They also seek an order for NMDS to cover the full academic tuition fees it originally committed to paying for each sponsored student. Additionally, the students’ body has requested that the court mandate the secretariat and the school to resolve the fee impasse within a reasonable timeframe and, during these negotiations, LCE must allow students to continue with their studies uninterrupted.

High Court Judge ’Mafelile Ralebese ruled that while the case is being adjudicated, students must be allowed to attend classes without any hindrance. Under the revised fee structure, students are required to pay additional amounts ranging from M4,200 to M4,700, plus a top-up amount of M875 for accommodation beyond what NMDS has already contributed. The tuition fees for both the Diploma in Education Primary and the Diploma in Education Secondary-Arts and Social Sciences have escalated from M11,275 to M16,000.

The fee for the Diploma in Education Secondary – Applied Science has risen from M13,786 to M18,000, while the Diploma in Education – Pure Science now costs M18,000, up from M13,786. Hostel fees have also increased from M5,125 to M6,000. The school has issued a notice to students, emphasising the necessity for them to settle the balance based on their enrolled programmes to avoid potential consequences.

The memorandum emphasises a critical clause from the College Students Financial Regulations relevant to the current situation: “Students are required to note the following clause of the College Students Financial Regulations that is applicable to this matter: all students are responsible for the prompt settlement of their financial obligations to the college.”

The memorandum adds: “Should a student leave the college without having paid the prescribed fees, including fines due, or with library books issued out of his or her pockets, his or her certificate shall be withheld until such fees have been recovered.” This initial memorandum was followed by another on April 4, which permitted students to return to campus under specific conditions.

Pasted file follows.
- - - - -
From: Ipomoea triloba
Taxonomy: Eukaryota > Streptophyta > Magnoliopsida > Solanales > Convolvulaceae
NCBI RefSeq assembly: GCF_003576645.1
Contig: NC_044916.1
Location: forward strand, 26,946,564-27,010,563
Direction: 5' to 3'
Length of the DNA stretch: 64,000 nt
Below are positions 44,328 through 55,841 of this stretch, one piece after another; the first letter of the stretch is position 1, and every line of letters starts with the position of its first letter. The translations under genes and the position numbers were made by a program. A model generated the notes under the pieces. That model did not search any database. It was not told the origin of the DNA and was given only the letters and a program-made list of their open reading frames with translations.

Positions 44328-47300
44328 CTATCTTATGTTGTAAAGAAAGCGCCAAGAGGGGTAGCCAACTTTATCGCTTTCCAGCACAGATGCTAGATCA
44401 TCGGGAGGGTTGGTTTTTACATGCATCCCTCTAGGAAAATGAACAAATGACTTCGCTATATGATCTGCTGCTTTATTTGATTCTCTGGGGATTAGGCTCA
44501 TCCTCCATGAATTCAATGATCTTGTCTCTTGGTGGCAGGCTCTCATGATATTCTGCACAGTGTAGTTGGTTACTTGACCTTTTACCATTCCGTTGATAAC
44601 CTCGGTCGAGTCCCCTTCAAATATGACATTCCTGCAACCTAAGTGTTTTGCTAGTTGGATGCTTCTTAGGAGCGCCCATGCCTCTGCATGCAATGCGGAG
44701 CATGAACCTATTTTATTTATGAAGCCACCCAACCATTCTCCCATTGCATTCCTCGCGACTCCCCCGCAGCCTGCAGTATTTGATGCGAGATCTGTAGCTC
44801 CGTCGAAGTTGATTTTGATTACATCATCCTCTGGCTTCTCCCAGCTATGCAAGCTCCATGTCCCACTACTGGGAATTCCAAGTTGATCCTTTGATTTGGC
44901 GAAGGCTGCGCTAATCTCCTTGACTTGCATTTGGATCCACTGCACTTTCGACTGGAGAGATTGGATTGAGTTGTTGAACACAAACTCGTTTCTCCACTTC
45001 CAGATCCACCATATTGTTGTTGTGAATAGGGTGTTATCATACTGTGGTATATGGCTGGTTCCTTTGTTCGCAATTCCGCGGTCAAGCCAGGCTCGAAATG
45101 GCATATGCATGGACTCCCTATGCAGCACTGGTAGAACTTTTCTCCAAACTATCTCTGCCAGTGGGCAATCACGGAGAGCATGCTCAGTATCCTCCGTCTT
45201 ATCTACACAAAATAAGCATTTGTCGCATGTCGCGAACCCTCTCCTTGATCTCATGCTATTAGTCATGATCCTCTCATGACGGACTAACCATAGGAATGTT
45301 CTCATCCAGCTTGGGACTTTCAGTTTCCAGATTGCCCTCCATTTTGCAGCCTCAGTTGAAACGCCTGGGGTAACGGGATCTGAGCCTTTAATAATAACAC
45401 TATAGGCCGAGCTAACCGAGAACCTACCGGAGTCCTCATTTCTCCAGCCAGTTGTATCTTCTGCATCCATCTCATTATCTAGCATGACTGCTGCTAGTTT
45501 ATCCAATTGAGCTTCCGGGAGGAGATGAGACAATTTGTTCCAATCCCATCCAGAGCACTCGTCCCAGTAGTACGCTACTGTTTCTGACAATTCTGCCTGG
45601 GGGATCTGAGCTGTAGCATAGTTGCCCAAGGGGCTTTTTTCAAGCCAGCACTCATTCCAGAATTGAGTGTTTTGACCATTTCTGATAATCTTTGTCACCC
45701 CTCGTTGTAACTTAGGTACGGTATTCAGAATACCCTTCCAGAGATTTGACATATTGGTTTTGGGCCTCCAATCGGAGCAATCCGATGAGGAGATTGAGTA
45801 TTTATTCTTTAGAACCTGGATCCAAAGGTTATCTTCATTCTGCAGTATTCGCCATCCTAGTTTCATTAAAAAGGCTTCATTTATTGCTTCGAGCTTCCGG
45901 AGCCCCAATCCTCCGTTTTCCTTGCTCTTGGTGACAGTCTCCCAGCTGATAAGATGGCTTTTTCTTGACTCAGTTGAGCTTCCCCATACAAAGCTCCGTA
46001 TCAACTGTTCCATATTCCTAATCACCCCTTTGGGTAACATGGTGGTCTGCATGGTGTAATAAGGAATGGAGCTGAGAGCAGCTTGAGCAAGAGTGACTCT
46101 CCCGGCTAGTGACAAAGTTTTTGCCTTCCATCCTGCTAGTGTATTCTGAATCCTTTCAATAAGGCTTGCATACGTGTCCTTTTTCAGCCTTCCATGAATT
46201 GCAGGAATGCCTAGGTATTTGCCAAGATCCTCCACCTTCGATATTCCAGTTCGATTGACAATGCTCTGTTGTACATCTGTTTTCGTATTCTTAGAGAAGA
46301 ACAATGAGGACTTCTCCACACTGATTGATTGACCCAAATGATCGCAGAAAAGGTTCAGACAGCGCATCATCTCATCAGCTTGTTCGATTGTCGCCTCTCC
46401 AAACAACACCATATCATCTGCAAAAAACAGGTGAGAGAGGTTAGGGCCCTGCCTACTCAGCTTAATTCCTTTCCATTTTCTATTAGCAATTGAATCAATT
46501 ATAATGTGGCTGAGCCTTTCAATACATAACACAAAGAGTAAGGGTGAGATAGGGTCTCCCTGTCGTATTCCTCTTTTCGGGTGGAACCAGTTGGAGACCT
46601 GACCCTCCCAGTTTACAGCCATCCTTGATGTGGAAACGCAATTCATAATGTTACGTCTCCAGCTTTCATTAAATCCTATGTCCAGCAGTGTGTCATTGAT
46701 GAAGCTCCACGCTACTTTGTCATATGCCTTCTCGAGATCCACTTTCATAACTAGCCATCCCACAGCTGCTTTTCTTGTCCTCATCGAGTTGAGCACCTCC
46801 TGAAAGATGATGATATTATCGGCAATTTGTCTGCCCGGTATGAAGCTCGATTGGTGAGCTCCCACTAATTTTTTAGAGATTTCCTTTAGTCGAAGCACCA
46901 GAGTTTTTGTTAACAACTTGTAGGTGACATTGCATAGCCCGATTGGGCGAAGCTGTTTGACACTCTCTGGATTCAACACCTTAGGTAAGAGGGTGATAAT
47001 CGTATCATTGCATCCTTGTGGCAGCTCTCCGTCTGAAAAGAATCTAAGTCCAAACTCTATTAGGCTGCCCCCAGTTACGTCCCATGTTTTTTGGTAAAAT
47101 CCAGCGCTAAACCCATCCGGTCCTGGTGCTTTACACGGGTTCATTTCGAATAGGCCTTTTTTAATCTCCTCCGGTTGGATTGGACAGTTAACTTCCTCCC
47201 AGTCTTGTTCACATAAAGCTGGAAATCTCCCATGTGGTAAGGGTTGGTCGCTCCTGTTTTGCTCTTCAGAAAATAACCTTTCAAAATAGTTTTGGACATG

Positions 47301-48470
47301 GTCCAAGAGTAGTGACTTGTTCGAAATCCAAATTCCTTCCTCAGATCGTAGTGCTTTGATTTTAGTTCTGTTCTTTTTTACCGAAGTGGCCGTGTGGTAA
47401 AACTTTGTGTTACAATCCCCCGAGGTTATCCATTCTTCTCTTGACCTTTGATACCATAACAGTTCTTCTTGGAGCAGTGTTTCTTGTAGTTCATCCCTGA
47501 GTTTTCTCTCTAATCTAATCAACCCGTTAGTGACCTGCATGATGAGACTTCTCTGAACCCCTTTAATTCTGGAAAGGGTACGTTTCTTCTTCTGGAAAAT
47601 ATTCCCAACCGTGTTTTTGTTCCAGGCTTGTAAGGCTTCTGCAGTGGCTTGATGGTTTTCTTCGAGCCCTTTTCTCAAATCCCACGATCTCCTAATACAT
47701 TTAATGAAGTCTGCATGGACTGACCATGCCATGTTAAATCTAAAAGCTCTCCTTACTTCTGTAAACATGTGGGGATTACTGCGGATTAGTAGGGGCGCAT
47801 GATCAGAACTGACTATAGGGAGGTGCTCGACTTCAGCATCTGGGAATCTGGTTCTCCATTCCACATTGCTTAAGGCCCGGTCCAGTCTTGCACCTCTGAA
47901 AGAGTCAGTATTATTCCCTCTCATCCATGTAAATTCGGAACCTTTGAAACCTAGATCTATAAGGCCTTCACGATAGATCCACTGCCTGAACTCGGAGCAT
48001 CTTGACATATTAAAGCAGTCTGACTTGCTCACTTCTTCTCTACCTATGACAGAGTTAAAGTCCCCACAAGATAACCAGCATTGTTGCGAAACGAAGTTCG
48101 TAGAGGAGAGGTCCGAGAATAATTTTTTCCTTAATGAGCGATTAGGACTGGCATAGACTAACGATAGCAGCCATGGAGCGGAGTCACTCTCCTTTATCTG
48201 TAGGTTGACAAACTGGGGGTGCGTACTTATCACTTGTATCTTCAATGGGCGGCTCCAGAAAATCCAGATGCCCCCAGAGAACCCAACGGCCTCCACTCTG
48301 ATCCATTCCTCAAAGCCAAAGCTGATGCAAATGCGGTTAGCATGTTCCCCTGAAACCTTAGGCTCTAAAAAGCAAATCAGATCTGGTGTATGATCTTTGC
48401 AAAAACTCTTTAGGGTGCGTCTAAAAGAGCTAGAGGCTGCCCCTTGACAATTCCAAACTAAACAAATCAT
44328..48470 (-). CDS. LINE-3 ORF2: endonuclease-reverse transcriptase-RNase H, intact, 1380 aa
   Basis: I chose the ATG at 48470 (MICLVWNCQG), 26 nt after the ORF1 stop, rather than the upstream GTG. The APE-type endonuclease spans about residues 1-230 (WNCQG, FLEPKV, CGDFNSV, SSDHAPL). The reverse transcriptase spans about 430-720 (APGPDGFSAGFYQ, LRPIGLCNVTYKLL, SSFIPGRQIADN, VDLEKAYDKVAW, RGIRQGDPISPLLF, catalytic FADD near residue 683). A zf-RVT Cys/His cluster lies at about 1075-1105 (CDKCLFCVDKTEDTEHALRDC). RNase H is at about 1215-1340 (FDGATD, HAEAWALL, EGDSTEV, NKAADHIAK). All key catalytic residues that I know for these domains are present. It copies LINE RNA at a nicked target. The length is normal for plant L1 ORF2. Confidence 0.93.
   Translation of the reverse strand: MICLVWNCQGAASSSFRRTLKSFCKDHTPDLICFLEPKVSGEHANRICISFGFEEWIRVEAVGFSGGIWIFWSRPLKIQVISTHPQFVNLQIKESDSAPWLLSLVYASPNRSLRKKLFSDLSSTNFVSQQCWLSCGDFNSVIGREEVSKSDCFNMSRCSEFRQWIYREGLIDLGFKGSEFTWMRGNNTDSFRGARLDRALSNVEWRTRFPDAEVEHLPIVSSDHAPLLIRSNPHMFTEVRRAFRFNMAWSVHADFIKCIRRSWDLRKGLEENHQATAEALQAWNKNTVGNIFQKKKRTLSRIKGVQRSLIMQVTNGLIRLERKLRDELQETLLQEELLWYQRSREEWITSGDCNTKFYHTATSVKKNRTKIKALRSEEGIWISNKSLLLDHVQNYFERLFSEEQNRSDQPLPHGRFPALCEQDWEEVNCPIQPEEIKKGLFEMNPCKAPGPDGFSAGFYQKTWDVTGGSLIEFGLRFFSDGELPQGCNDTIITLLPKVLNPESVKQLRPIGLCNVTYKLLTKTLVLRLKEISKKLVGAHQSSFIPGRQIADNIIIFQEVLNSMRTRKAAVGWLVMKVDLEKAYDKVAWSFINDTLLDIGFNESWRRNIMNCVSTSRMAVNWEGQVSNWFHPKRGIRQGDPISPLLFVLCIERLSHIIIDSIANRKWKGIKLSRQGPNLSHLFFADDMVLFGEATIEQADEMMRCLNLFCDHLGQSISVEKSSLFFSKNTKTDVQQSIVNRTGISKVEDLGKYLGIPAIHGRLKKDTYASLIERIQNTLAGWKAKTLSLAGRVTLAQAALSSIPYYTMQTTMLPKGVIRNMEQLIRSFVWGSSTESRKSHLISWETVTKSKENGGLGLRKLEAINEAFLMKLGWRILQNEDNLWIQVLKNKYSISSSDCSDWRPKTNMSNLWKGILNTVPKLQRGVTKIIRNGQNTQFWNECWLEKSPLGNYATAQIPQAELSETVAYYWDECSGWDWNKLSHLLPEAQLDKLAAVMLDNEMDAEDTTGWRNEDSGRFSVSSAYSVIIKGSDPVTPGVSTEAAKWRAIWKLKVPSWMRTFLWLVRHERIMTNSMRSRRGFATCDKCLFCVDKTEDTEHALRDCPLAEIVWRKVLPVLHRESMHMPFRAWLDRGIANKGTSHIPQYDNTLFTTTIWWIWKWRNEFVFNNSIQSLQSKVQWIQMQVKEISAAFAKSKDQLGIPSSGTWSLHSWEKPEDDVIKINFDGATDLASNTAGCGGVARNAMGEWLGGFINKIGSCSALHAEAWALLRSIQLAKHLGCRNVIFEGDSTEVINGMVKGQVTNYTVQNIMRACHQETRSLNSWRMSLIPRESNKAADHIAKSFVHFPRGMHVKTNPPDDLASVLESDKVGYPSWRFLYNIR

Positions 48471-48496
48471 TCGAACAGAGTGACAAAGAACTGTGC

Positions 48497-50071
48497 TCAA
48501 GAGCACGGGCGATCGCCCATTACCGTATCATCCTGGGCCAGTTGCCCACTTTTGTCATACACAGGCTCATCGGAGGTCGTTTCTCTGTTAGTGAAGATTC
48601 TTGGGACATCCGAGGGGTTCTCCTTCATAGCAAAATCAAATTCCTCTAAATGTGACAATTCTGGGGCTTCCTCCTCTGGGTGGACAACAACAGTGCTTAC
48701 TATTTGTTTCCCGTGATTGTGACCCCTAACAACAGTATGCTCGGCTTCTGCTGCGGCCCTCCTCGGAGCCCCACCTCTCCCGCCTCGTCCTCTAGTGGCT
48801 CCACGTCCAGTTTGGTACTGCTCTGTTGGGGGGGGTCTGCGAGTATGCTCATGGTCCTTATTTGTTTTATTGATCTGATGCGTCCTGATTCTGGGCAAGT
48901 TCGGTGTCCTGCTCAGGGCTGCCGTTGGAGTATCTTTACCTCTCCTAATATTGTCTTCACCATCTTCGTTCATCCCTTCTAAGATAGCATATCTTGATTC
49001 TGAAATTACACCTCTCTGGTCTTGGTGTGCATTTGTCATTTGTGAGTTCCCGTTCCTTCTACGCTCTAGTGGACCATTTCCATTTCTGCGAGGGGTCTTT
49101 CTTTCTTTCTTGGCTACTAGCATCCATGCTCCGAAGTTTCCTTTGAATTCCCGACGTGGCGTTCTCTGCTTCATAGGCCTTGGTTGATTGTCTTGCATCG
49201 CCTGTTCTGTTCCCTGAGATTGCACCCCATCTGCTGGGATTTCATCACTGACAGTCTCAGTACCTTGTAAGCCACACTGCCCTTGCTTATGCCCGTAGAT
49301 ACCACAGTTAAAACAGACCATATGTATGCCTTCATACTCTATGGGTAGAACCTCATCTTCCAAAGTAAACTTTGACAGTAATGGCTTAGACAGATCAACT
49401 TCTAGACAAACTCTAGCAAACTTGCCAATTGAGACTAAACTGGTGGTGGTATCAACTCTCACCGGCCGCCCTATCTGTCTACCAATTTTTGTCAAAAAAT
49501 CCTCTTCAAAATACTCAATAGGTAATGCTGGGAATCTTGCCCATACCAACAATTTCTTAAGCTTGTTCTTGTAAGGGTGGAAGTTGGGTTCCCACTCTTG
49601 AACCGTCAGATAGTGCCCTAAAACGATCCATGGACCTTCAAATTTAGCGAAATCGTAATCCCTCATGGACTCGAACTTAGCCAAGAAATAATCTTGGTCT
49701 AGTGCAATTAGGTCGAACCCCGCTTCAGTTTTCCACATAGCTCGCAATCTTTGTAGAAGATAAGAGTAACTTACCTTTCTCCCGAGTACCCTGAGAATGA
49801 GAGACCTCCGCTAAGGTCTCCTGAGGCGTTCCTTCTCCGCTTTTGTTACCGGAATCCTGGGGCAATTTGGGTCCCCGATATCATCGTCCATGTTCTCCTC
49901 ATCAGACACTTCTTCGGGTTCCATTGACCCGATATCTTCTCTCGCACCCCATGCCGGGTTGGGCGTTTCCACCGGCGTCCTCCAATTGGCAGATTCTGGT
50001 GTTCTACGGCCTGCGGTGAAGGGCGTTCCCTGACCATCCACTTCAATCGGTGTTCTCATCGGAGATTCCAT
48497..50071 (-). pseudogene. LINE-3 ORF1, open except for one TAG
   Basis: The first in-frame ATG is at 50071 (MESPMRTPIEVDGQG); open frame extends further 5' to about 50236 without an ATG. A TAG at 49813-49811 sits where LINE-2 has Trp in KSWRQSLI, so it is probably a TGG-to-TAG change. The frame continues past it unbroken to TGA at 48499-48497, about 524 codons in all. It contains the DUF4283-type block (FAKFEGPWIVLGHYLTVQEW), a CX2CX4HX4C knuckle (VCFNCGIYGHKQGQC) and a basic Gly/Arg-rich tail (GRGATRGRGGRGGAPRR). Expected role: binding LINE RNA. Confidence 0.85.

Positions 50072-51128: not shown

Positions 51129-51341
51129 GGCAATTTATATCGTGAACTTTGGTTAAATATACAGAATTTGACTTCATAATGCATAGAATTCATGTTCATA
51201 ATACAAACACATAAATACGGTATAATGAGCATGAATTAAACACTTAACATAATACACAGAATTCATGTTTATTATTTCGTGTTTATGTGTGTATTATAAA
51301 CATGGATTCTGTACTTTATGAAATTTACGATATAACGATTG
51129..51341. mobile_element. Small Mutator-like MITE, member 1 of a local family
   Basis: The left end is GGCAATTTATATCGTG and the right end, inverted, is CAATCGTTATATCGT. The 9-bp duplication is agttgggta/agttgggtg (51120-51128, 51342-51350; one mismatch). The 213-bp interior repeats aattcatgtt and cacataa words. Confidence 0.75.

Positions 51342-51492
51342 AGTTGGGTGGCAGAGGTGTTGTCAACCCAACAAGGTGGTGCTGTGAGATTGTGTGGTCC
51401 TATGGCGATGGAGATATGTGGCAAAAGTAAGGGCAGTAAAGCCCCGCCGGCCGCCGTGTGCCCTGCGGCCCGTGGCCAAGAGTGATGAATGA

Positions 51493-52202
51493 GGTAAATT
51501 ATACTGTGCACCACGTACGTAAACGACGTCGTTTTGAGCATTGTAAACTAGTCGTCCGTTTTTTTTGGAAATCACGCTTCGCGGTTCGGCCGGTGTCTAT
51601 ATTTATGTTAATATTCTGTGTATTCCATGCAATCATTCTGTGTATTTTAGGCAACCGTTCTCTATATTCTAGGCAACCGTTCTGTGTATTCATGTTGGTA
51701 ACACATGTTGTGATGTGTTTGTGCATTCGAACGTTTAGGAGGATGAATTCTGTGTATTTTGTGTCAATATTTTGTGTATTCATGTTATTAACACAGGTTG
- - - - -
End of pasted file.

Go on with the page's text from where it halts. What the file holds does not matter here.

It states: “Following the constructive deliberations of the college management and the Student Representative Council (SRC) meeting held on April 4, 2024, and considering the expressed desire of the student union to return to normalcy and full teaching and learning activities, the college management has reached an agreement with the SRC on behalf of the SU that students will be allowed back on campus and that upon their return, students will commit to financial undertakings and liabilities to settle all outstanding fees and financial obligations before the end of the academic year.”

The memo also specifies that upon their specified return dates, students will be required to sign financial undertakings as a precondition for re-entering the campus premises. The Student Representative Council (SRC) reports that when it relayed the school’s stance on this issue, the majority of students said they were unable to pay the outstanding fees, citing lack of personal funds as they rely on sponsorship.

Students argue that they have a legitimate expectation for the government to cover all their fees, following an agreement signed with NMDS because they are unable to afford these costs themselves. High Court Judge Polo Banyane is scheduled to hear the arguments on a date that has yet to be determined.

Leave a Reply

Your email address will not be published. Required fields are marked *